Leader sports editor

Beebe may not be known as a high school baseball hotbed in Arkansas, but if the Badgers keep going as they have, that may change.

Beebe entered the week 20-2 and 8-0 in the 5A-Southeast as it prepared for critical conference games with White Hall and Monticello.

“We’re trying,” coach Mark Crafton said.

With four productive seniors and a possible NCAA Division I prospect in junior pitcher Griffin Glaude, the Badgers are trying to maintain the momentum they built last year.

“This is the best year we’ve had so far,” Crafton said. “Hopefully we’ll get a lot more kids out and continue the foundation that my senior class from last year started.”

The 2009 seniors, representing the first freshman class Crafton had when he took over five years ago, became only the second class from Beebe to reach the state tournament and the first to win a state tournament game.

Crafton only has four seniors this year, but they have provided a productive nucleus and Crafton is hoping the Badgers can go a step or two further this year.

“It’s not a big number but all four of them have really stepped up this year, offensively and defensively,” Crafton said.

Pitcher/third baseman Logan Ballew, center fielder Lawson Bryant, first baseman Adam Narramore and catcher Ryan Williams make up Crafton’s senior quartet.

Ballew has been a pleasant surprise on the mound, posting a 6-1 record, while Williams is the team’s leading hitter with an average around .480, five home runs and close to 30 RBI.

Crafton didn’t want to be remiss in leaving out his juniors, not that there is a way that could happen with Glaude in the group.

The right-hander is 7-0 and, more impressively, has thrown three no-hitters and was a batter away from a perfect game against Mills.

“I projected him to be our workhorse on the mound for us,” Crafton said. “He’s basically dominated so far, every game that he’s pitched in. “He’s had good success and of course we have had some stellar defense behind him at times.”

Against Mills, Glaude struck out 18 of the 22 he faced and, Crafton said, has never really pitched with the outcome in jeopardy.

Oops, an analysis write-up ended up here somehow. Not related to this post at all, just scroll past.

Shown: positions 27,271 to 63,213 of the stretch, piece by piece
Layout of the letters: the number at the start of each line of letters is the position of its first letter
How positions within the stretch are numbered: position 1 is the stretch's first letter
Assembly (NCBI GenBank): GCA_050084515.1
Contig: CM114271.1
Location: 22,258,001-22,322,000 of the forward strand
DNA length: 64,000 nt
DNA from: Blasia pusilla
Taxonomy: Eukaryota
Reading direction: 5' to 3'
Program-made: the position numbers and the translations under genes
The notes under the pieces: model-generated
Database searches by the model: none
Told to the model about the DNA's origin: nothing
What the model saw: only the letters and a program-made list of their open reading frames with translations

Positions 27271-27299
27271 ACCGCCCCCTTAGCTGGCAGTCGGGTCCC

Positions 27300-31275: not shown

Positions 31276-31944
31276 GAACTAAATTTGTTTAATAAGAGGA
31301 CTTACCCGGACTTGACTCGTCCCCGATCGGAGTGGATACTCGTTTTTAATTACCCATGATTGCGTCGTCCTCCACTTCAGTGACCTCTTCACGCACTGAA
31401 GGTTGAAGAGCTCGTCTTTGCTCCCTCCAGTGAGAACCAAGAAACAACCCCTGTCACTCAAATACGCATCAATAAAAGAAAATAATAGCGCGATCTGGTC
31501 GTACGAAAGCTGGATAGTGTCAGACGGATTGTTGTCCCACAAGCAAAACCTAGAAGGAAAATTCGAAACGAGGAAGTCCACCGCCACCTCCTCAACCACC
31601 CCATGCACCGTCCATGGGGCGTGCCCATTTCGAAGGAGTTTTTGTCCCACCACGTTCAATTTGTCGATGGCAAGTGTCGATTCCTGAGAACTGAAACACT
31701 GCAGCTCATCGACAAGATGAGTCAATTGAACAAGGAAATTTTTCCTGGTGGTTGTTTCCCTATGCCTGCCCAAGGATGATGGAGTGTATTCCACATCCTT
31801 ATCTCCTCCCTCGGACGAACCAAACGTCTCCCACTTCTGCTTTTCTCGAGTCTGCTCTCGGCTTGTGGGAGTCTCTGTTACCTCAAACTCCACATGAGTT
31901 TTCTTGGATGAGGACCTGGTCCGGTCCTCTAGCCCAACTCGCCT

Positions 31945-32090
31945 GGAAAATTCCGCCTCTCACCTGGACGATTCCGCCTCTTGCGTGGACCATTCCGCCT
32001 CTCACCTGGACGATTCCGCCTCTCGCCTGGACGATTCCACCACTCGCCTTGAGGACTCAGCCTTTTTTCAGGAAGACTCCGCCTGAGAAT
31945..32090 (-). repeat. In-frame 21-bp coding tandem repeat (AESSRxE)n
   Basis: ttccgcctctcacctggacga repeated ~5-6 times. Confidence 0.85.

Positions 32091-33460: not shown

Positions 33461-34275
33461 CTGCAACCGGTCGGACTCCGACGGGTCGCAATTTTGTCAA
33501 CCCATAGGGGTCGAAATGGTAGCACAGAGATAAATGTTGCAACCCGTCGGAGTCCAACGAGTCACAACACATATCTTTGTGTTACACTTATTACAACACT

“He has a chance to play DI ball somewhere,” Crafton said. “Beebe has not been known in the past for sending baseball prospects out of Beebe and this is my fifth year. In my five years here we’ve had about six kids sign with smaller schools and have an opportunity to go continue their college careers.”

Additionally, Glaude is batting .477 with 31 RBI.

“Hitting is a contagious thing and it’s filtered down to our other kids,” Crafton said.

Glaude, Ballew and the other pitchers have also benefited from solid defense, Crafton said. As an example, he mentioned middle infielder Jared Ashbrenner, who plays shortstop when Glaude pitches and moves to second when Glaude plays shortstop.

“He has been gloving it for us,” Crafton said. “Outstanding in the field.”

As good as its record is, Beebe isn’t out of the woods. White Hall is in fourth place, but earned a doubleheader split with second-place Monticello, who will play host to Beebe next week in a game that could decide the 5A-Southeast championship and the top seed to the 5A state tournament.

“We’ve never been known for showing out baseball prospects and we’re kind of not on the map yet,” Crafton said. “Hopefully if we make some noise in the state tournament they will start recognizing us.”

SPORTS >> NFL draft not lean for ASU

Leader sports editor

First, here’s to Alex “Big Al” Carrington, Arkansas State’s fine defensive end who went to the Buffalo Bills in the third round of the NFL draft last week.

In what local experts are calling a “lean year” for Arkansas-connected players in the draft, Carrington was the first selected from a state school when he went 72nd overall.

The Arkansas Razorbacks didn’t have a man drafted until guard Mitch Petrus went to the New York Giants in the fifth round, 147th overall.

Maybe that’s why they’re calling it a lean year. If Razorbacks aren’t drafted en masse, it doesn’t matter how many NFL players other schools produce; they will always be overshadowed by the Hogs, even when the Hogs aren’t doing anything particularly noteworthy.

Lean year? For Arkansas State, which toils in college football’s largest classification — the Football Bowl Subdivision — but plays in the unheralded Sun Belt Conference, when a player goes in the early rounds, it’s a banner year.

Carrington will join a number of Arkansas State players who through the years have been NFL draft picks. The list includes hall of famer Bill Bergey and, most recently, safety Tyrell Johnson, last seen roaming the field with the Minnesota Vikings in the playoffs.